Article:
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Title: Functional outcome of retinal oedema and its standard treatment
Author: Ayan, Filis Mehmedova
ISNI:       0000 0004 9359 5110
Awarding Body: UCL (University College London)
Current Institution: University College London (University of London)
Date of Award: 2020
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Macular oedema is a pathological condition of fluid accumulation in the retinal tissues. It is a nonspecific sign of several retinal diseases that in the long term can lead to permanent vision loss. The clinical aspect of macular oedema treatment and vision recovery is reduction of the amount of fluid accumulated in the retina. Due to its complex pathophysiological mechanism, macular oedema has proven challenging to manage. Many unanswered questions remain in the ophthalmology world on this subject. The development of recent diagnostic tools such as optical coherence tomography allows better understanding of the morphological changes in the retina. Now we are able to detect retinal oedema and characterise it by location, depth, and amount of fluid. Further, clinicians are now able to assess therapeutic response by examining the anatomical structures of the retina. Yet, with techniques offering objective accuracy, emerging reports have shown discrepancies between clinically examined visual acuity, anatomical changes of the retina, and patients’ self-reported visual ability. The presence of such discrepancies is also supported by the fact that results achieved by randomised clinical trials rarely align with results attained in real-world settings. Today, functional vision testing can be performed with several different methods including questionnaires, colour vision tests, reading speed tests, contrast sensitivity tests etc. Nevertheless, none of these methods are widely used in clinical settings, and their predictive capabilities have yet to be explored. Establishing precise methodology for functional vision testing is likely to provide better understanding of patients’ treatment response. This thesis aims to investigate the potential predictive capabilities of functional vision tests and to compare these capabilities with those of well-established, routine ophthalmic examinations such as visual acuity and retinal thickness tests. In the current research, I focused on the following functional examinations: the visual function questionnaire (VFQ- 25), reading speed testing, and testing of the contrast sensitivity of the macula area (examined by microperimetry). These techniques allowed very specific and sensitive testing of the functionality of the retina. In addition, I explored functional vision tests and their association to the routine ophthalmic tests and their ability to detect sub-clinical changes in vision. I believe further research in this area will offer better understanding of the functional vision changes in patients with macular oedema and potentially will help in improving visionrelated quality of life.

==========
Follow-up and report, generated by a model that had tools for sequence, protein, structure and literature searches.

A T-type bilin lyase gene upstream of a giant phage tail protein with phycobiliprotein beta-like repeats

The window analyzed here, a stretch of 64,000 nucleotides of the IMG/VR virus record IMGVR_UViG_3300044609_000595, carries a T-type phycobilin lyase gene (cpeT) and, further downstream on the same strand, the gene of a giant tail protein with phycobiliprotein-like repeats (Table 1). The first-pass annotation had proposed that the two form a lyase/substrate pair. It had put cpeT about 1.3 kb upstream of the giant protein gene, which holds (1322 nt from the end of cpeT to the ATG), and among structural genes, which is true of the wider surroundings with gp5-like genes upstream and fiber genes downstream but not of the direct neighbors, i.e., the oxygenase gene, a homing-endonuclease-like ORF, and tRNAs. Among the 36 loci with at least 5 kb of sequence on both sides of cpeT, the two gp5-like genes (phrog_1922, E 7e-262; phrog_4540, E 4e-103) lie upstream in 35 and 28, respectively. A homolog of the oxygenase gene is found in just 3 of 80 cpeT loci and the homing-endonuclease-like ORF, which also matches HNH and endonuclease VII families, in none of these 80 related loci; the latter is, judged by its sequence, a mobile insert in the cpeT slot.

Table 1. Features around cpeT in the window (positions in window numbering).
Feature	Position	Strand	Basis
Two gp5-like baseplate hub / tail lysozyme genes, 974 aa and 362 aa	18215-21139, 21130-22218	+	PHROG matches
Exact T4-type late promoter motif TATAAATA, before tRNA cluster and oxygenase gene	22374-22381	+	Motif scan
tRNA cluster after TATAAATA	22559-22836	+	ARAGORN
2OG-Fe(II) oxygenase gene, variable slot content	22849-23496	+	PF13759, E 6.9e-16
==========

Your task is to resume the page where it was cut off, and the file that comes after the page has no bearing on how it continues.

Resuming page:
Supervisor: Not available Sponsor: Not available
Qualification Name: Thesis (Ph.D.) Qualification Level: Doctoral
EThOS ID:  DOI: Not available